Ashoka commemorates and celebrates the life and work of this deceased Ashoka Fellow.
Miguel Pressburger is a lawyer who suffered for his early public interest advocacy and who has recently emerged from his work for the Catholic Church to create the Instituto Apoio Juridico Popular (AJUP). Through it he is trying to give legal education a conscience, encourage concerned law graduates to enter public law and the entry rungs of the judiciary, and build the institutional capacity of public service law practice.
Miguel Pressburger began public advocacy in 1960 when he defended rural communities affected by the construction of Brasilia. This work ultimately led to a confrontation with the military dictatorship and prison. In 1976 he started 10 years working for the Comissao Patoral da Terra (the church's arm for grassroots land issues) helping build local groups of small farmers, working with agrarian reform and other land issues, and also training young lawyers. During this period he gradually built up a network of rural "popular lawyers." Miguel Pressburger is well known and respected, both as a caring counselor and an innovator who has created initiatives such as The Tribunal Nacional dos Crimes do Latifundio (National Tribunal for Land Tenancy Crimes) that gets together twice a year with the presence of prominent national figures, e.g. to study the murders of lawyers, peasants and extension workers. Another example: his participation in the redirection of the Associacao dos Advogados Rurais da Bahia (Rural Lawyers Association in the state of Bahia).
Miguel left the church to start AJUP so that he could help bring the law as q whole to life and public relevance. This is long term work along a number of different dimensions. First, Miguel is encouraging training and helping young lawyers develop first a sense of the profession's special public responsibility and then practical paths for some to take up public law directly. He, for example, regularly organizes sessions with the law students' association regarding public law and the public policy implications of the law; helps place recent graduates in public law apprenticeships; encourages committed young lawyers to enter the bottom rungs of the judiciary; and works at building up the substance and institutions of public law, important both in itself and as a means of reinforcing the commitment, effectiveness, and practical security of those who do work in the field. For example, he is now helping the Central Unica de Travalhadores (the union federation representing 60 percent of Brazil's union workers build a legal department. Miguel also is working directly and through encouraging coordinated, sustained work by those working at public law to make the law more responsive to public needs and the poor. For example, he recently used his expertise in rural land law and his network of lawyers in the field to help a potentially important environmental and land use case in the Grande Carajas iron mining region where the forest and its peoples are being devastated by the production of coke for mushrooming local pig iron production.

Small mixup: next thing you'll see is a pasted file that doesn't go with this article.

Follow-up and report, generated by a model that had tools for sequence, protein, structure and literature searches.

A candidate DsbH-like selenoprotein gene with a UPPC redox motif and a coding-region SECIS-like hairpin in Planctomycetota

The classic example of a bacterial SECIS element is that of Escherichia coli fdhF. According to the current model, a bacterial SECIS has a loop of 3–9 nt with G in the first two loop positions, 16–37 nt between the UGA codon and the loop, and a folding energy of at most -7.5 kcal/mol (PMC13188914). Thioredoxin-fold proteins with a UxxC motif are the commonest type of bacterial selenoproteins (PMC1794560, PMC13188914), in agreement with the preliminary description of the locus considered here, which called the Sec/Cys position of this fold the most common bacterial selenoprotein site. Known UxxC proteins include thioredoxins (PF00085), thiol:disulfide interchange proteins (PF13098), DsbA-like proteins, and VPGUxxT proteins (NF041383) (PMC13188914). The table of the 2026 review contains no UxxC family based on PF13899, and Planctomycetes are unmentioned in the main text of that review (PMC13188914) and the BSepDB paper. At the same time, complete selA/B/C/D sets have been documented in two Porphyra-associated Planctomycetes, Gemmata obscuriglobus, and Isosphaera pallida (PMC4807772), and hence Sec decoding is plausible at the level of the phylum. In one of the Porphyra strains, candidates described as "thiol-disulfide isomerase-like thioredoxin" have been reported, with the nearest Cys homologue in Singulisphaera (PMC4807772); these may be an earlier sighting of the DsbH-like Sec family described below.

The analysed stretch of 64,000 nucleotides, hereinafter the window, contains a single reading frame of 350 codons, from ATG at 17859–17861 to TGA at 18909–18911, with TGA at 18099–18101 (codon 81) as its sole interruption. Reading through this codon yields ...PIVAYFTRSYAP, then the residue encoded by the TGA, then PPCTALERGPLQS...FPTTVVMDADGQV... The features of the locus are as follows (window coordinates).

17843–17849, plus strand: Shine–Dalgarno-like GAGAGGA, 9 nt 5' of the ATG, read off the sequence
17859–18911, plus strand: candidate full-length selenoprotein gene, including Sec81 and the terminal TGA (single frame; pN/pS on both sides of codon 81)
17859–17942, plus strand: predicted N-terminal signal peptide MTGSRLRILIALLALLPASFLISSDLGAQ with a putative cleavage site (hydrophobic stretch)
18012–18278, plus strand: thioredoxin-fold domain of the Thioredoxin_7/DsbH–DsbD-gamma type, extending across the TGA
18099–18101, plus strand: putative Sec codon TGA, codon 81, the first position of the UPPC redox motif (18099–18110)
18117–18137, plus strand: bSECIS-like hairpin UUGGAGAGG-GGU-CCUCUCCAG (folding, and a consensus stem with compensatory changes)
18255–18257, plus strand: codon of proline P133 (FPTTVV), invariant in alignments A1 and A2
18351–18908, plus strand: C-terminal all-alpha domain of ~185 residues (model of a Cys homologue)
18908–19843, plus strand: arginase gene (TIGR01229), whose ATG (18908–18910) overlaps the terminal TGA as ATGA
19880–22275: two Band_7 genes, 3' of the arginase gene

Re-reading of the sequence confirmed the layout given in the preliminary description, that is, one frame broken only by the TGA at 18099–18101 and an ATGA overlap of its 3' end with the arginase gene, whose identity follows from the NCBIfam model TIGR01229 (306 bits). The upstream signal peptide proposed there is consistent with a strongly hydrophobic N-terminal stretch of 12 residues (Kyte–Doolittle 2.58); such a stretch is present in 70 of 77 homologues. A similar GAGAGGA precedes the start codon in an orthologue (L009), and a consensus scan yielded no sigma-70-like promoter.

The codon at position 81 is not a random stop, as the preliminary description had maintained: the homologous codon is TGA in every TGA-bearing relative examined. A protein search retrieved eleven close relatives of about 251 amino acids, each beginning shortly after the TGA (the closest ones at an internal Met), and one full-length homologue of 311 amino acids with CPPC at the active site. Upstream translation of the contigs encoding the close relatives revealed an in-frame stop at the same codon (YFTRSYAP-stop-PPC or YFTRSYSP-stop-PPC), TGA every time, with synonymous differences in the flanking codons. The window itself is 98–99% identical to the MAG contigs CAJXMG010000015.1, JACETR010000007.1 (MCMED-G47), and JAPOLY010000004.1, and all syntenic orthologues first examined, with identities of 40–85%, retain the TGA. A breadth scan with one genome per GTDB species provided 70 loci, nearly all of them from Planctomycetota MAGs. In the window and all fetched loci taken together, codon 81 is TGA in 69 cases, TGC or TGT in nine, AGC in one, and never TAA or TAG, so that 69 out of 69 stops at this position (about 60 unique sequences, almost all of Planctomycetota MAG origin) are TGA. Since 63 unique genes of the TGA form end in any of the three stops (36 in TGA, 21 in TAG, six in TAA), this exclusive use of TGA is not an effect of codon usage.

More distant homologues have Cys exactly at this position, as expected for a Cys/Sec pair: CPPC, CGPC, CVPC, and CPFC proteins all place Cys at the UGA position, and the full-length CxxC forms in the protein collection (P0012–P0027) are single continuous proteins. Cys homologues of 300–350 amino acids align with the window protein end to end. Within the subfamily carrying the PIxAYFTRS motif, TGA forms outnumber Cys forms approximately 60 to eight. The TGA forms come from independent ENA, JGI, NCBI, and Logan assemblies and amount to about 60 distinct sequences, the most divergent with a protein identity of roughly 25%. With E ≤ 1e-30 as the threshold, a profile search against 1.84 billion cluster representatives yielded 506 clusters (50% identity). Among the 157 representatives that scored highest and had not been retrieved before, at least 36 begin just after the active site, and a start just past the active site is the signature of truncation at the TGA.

Despite the large number of lawyers in Brazil, very few practice law outside the large cities and even fewer are involved in public service law. The long period of military dictatorship in Brazil made public service law a particularly dangerous activity. The lack of social debate prevented not only public support for such activities but also the development of a generation of public service lawyers. As a result, today public service lawyers in Brazil are not only few but also spread out and unconnected with few support mechanisms (information, training, appropriate materials, etc.). To lawyers of conscience the profession is in crisis. The bar and the courts seem irrelevant to the country's pressing problems. The diploma mills and even the recognized law schools do not provide quality education, let alone concern for or insight into public issues. The smell of influence over judicial career paths, starting at the lowest entry levels.